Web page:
Our review of the district court's decision shows that the magistrate judge gave the state court an appropriate amount of deference. In explaining the federal court's review of a state court adjudication, the magistrate judge correctly used our decision in Houchin v. Zavaras, 107 F.3d 1465, 1470 (10th Cir. 1997), to explain that under the provisions of the Anti-Terrorism and Effective Death Penalty Act, "the deference to be paid by the federal court to the state court's factual findings and legal determinations' has been increased." The magistrate judge also used the correct analysis in considering Mr. Raven's ineffective assistance of counsel claim by applying the standards set forth in Strickland, 466 U.S. at 687, and Hill v. Lockhart, 474 U.S. 52, 57-58 (1985), which adopts the Strickland standard for claims of ineffective assistance of counsel, such as this case, which arise out of the plea process.
As to Mr. Raven's ineffective assistance of counsel claim, we note Mr. Raven failed to provide the transcripts of the plea hearing and motion to withdraw the plea hearing for our review. Mr. Raven is responsible for insuring all materials on which he seeks to rely are part of the record on appeal. United States v. Vasquez, 985 F.2d 491, 495 (10th Cir. 1993). "When [an] appellant asserts that his conviction should be reversed because of a particular error, and the record does not permit us to evaluate the claim, we will generally refuse to consider it." Id. Nevertheless, because the record contains other evidence supporting the district court's decision, we exercise our discretion to review the claim. In this case, the state trial court's summary of facts concerning Mr. Raven's guilty plea shows he affirmatively stated: (1) he understood he had the right to plead not guilty, and by pleading guilty he knowingly gave up his right to a jury trial; (2) he was guilty and did the acts charged; (3) his attorney served him well; and (4) he pled guilty of his own free will, without coercion, force, abuse, or threats. In addition, both the Oklahoma Court of Criminal Appeals and the district court reviewed the plea and motion to withdraw hearings transcripts, and based on that review, determined Mr. Raven knowingly and voluntarily entered his guilty plea and his attorney provided effective assistance of counsel. In fact, the district court provided a lengthy summary of the testimony in those transcripts that we have reviewed. Our record also contains an affidavit of Mr. Raven's attorney stating she never threatened or intimidated Mr. Raven.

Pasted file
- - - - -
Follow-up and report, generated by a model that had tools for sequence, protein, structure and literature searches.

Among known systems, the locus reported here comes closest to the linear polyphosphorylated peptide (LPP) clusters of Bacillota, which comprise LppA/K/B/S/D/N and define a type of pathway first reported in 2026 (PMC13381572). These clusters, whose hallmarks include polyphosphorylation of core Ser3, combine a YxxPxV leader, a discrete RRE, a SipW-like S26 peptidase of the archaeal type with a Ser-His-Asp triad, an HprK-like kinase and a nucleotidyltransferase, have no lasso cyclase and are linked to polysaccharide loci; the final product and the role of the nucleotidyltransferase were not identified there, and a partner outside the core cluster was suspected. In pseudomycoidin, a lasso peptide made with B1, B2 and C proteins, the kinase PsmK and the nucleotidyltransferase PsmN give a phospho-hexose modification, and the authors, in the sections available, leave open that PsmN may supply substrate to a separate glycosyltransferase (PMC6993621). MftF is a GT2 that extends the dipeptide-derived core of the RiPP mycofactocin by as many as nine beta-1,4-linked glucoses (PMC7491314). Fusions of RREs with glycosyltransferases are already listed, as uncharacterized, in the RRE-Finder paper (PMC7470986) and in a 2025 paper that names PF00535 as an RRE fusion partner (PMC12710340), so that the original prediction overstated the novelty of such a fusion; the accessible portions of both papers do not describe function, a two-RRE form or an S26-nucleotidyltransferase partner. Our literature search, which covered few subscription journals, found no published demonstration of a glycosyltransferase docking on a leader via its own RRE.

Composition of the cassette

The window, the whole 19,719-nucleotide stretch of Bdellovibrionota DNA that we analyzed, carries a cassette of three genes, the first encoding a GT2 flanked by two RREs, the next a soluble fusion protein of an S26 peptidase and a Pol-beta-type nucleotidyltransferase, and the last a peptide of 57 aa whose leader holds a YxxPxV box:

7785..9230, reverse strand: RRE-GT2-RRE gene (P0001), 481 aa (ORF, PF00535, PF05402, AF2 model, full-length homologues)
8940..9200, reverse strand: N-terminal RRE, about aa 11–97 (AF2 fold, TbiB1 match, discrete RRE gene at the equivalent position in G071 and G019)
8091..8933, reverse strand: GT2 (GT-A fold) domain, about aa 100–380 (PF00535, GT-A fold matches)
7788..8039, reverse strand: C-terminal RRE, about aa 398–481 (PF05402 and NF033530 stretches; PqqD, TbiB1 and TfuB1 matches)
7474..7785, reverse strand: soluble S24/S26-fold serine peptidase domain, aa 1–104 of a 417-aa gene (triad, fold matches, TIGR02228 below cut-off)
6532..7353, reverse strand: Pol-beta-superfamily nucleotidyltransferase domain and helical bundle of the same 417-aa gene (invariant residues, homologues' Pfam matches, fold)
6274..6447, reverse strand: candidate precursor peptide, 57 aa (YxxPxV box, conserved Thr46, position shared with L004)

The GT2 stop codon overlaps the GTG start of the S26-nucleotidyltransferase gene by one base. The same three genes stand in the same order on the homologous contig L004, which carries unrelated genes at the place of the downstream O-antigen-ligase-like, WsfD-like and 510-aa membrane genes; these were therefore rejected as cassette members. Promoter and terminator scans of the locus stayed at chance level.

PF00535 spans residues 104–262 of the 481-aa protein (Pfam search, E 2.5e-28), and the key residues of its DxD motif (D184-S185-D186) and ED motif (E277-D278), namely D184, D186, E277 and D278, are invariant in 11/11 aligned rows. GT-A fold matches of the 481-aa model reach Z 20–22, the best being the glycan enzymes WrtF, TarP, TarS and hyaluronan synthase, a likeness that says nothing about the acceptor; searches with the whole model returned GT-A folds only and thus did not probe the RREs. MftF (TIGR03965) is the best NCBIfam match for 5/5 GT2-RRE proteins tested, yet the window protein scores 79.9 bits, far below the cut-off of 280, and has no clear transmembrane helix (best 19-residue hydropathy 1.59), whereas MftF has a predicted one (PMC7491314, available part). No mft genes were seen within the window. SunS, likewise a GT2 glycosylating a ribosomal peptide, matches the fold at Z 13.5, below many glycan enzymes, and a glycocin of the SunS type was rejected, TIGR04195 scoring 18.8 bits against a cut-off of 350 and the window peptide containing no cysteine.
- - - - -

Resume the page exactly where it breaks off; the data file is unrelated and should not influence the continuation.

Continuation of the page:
The only evidence Mr. Raven offers to rebut this evidence is the affidavit of his fiancee's mother, who alleges: (1) she witnessed Mr. Raven and his attorney arguing over whether he should plead guilty; (2) Mr. Raven appeared "confused, upset, and looked as if he wanted to cry"; and (3) his attorney somehow inappropriately filled out papers for him to sign.(1)